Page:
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Addressing emerging infectious disease threats in Uzbekistan

A lab worker is testing samples of a disease in an Uzbekistan-based research lab.

Emerging infectious diseases are arising at an unprecedented pace. During the last decade, about 40 infectious diseases have been discovered, including most recently COVID-19. With a large amount of Uzbek population working abroad and traveling much more frequently and living in more densely populated areas, the potential for infectious diseases to spread rapidly poses complex challenges to global and local public health. Health and finance ministers in resource-constrained countries and donor agencies recognize that data from effective surveillance systems help target resources and evaluate programs. The COVID-19 epidemic underscored the critical role of surveillance in protecting individual nations and the global community.

The goal of this project is to improve the surveillance strategy and response capacity of the public health workforce in Uzbekistan and empower the workforce responsible for preventing and controlling emerging infectious diseases and foster education and research exchange between Uzbekistan and the US in the area of the emerging and re-emerging infectious diseases.

Partners Heading link

  • Department of Infectious Diseases

    Tashkent Institute of Postgraduate Medical Education

  • Scientific Research Institute of Virology

    Tashkent, Uzbekistan

  • University of Illinois Chicago School of Public Health

    Global Health Program

Project goals Heading link

  1. Support strengthened pedagogy in the development and adaptation of the on-line surveillance course. Course development will be jointly conducted so that there is bidirectional learning and contribution. Develop objectives broadly relevant to emerging infectious diseases and generalizable course rubrics that support translation to continuous course development and adaptation.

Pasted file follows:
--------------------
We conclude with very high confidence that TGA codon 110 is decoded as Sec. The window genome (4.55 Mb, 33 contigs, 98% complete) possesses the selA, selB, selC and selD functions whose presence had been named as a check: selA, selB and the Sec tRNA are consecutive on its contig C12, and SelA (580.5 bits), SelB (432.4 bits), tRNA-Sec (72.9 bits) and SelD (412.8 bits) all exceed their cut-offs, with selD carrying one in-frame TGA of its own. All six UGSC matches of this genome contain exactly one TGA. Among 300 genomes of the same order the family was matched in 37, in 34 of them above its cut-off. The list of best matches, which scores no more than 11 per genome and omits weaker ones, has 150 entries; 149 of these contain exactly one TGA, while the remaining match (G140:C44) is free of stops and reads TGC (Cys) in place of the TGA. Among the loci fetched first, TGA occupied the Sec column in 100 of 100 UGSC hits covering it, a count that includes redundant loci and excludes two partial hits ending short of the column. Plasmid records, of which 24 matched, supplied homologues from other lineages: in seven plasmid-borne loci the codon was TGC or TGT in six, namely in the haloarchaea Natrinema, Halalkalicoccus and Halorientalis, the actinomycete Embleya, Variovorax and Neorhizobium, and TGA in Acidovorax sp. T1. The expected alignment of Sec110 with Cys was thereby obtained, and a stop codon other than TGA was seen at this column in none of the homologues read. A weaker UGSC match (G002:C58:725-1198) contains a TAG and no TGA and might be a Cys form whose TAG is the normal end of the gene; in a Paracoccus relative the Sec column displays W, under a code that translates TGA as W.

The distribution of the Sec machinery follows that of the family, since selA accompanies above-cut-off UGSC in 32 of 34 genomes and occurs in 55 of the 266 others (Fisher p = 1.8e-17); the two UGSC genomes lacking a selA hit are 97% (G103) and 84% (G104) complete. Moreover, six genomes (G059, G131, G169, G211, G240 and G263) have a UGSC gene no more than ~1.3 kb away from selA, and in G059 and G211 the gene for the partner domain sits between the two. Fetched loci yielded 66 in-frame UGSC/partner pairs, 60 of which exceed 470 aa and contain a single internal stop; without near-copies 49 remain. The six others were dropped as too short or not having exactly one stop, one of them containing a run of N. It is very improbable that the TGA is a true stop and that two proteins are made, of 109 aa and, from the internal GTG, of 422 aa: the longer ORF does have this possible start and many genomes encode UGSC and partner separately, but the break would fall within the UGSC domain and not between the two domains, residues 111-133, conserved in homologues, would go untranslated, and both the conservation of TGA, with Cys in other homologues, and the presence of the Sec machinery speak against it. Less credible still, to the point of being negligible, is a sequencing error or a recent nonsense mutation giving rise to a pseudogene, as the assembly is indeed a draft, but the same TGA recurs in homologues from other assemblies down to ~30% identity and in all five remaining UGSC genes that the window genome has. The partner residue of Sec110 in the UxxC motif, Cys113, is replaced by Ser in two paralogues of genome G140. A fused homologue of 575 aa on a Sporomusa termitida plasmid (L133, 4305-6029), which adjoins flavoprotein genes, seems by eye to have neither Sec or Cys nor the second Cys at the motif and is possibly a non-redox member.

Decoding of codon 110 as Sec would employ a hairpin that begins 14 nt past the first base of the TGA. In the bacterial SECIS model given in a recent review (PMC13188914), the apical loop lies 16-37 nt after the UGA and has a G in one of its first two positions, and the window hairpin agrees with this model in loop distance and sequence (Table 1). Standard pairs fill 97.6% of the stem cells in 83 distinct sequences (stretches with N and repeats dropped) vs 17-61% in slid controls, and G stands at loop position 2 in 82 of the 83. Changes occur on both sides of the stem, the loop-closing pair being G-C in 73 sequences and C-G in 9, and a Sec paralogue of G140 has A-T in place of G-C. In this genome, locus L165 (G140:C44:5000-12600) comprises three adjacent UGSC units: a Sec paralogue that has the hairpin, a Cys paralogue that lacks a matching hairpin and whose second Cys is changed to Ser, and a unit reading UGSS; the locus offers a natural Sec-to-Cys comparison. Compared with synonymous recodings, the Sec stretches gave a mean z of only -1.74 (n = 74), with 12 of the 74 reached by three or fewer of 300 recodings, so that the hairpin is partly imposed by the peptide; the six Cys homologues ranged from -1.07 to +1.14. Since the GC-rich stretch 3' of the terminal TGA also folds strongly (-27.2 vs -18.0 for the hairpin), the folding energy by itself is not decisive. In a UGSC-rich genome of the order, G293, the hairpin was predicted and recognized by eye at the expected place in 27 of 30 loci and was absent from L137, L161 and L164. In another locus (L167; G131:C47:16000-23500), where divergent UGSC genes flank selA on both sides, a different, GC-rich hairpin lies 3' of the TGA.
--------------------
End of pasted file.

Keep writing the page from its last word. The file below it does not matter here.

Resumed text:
2. Trial a student exchange. Our schools will derive significant benefits from two-way student and faculty exchanges and collaborative workshops regarding relationship building, sociocultural learning, multifaceted approaches to education, and improved analytical and problem-solving skills.
  3. Because funding stability is a priority for sustainability, we seek to identify areas of collaboration in faculty research to identify opportunities and build motivation for a long-term partnership.

The program is supported by UniCEN and the US Department of State and is directed by Irina Dardynskaia, PhD, research associate professor of environmental and occupational health sciences. It builds on two successful projects at the School of Public Health

  • An NIH Fogarty funded “International Training and Research in Environmental and Occupational Health Program in the Newly Independent States of the Former Soviet Union” (D43 TW000653) directed by Dardynskaia and Daniel Hryhorczuk, PhD, professor emeritus of environmental and occupational health sciences
  • An NIH-funded study of HIV risk and protection among labor migrants (R21 HD078198) directed by Dardynskaia and Stevan Weine, MD, professor of psychiatry.

Meet the researcher Heading link